Bitcoin’s Massive Swings Give Pause to CFOs Mulling Reserve Investment: Bloomberg

Bitcoin’s 30% price correction was enough to dull the attraction of that strategy for some.

AccessTimeIconJan 17, 2021 at 7:19 p.m. UTC
Updated Sep 14, 2021 at 10:57 a.m. UTC

Wall Street chief financial officers (CFO) are more wary of putting company funds into bitcoin after last week's 30% price plunge, Bloomberg reports.

Publicly traded companies such as bitcoin during 2020. Other firms followed suit including insurance giants Ruffers and MassMutual.

But given the return of bitcoin’s infamous price volatility – which saw the largest cryptocurrency’s price drop thousands below its peak of $41,900 set in January – the attraction of that strategy may have lessened, according to company executives Bloomberg spoke with. Bitcoin has since recovered some of those losses and is now trading hands at $35,700, according to the CoinDesk 20.

Severe fluctuations diminish the attractiveness of the leading cryptocurrency because company cash reserves are mainly rainy day funds for maintaining core business needs during unexpected down turns.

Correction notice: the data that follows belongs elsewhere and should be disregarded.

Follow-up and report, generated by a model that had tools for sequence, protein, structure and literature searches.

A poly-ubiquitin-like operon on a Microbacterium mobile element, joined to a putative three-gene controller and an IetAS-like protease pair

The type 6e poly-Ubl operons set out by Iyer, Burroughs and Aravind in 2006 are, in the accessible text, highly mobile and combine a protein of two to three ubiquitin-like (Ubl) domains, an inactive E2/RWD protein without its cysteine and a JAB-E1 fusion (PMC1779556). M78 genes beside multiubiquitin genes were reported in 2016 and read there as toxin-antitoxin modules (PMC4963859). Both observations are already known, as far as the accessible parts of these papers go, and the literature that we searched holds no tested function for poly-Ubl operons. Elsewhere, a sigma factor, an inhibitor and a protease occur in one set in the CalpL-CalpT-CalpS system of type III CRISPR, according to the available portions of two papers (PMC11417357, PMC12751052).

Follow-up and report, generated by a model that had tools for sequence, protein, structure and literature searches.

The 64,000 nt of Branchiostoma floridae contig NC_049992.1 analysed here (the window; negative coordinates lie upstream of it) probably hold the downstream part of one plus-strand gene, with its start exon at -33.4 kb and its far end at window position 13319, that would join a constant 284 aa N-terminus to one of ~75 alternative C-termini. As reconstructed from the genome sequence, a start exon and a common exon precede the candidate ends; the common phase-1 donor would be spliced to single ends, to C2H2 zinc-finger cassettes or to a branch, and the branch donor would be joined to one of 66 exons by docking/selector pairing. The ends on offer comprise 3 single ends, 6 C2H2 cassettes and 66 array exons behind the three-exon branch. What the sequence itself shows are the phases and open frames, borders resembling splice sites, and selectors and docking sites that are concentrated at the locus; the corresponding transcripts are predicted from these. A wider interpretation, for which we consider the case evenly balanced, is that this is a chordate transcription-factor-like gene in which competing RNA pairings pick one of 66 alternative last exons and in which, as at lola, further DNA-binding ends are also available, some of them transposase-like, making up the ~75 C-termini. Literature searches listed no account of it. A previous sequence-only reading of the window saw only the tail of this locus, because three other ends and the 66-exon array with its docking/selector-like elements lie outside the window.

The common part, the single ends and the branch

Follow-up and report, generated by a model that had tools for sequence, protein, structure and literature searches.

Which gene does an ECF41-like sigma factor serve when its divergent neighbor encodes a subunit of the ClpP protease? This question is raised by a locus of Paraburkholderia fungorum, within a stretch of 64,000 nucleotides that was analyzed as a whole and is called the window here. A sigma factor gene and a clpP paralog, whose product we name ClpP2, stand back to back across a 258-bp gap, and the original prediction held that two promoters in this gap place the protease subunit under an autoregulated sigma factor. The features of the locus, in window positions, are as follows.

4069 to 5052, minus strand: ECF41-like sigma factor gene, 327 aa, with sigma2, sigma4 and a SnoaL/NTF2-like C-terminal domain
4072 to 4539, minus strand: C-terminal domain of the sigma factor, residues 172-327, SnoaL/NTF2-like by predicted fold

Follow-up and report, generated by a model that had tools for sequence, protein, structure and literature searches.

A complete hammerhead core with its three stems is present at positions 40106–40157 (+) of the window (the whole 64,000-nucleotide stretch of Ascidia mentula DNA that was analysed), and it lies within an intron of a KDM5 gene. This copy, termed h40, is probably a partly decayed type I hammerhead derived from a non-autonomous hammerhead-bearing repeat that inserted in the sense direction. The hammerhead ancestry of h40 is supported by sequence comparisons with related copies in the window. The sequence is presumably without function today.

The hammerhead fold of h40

"It would be a red flag for investors if a corporation bought financial assets for speculation purposes unrelated to their core business," JonesTrading chief market strategist Michael O'Rourke said.

Columbia Business School adjunct professor Robert Willens told Bloomberg investing in bitcoin with those funds poses a risk CFOs might not be willing to stomach after last week’s price action.

"Is it a smart strategy? It could be. But, of course, if it's not, it would become something that could threaten the very existence of a corporation,” Willens said.

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